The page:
When a load does get done, stress can ensue — especially when there are designer items that don’t quite seem to merit a dry cleaning drop-off, but are any more complicated than a simple cotton T-shirt. “Wash anxiety is for every wash for me, not just the first wash. I especially have that anxiety about my lightweight, bouncy-looking Christopher Kane jerseys, which are made from viscose and elastane fiber. I had a disaster with one of those jerseys because I washed it at too high a temperature; it was terrible,” Lau said.

In addition to the fear of screwing up those favorite pieces, whether they’re everyday workhorses or special-occasion-only members of your wardrobe, that graveyard of formerly adored clothes completely wrecked in the wash can make you feel kind of guilty or, as Lau says, like a bit of a failure. “It’s not just my clothes; it’s my boyfriend’s clothes as well. We share the laundry responsibilities, though he’s better at it than I am,” Lau says. “I always feel like a bit of a domestic failure when things get ruined. You feel dumb; you have all the modern apparatus to equip you to wash well, but when things get messed up, it’s like, how did this happen?”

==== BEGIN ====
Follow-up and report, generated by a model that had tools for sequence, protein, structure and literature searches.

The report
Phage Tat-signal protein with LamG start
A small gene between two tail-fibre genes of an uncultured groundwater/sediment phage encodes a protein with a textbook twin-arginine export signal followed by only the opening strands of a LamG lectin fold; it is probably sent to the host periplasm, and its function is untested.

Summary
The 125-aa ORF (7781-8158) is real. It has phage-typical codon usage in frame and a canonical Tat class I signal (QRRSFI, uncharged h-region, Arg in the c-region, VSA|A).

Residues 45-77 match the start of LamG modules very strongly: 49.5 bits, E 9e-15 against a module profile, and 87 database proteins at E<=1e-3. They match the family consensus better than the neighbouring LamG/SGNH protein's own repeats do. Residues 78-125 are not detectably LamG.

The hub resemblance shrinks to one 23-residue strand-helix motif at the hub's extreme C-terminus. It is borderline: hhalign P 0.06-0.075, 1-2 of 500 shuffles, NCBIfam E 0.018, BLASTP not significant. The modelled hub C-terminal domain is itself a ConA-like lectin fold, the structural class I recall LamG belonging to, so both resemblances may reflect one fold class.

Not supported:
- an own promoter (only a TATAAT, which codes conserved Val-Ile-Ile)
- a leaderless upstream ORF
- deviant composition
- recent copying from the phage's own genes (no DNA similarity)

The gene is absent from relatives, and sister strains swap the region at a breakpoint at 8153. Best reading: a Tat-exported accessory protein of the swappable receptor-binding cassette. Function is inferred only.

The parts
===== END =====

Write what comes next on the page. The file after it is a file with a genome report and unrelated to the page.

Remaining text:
This year’s Future Fabrics conference was themed around athleisure, that trend that’s giving denim a run for its money, became Merriam-Webster dictionary official recently, and basically just won’t quit. The focus honed in on the complicated, high-tech, super-stretchy fabric blends that the gym-and-far-beyond garb is comprised of. To wit: 60% of laundry loads now involve fabrics that aren’t just cotton.
Photo: Courtesy of P&G.
Elaine Cella (L) and Mary Johnson (R), P&G Fabric Care fiber scientists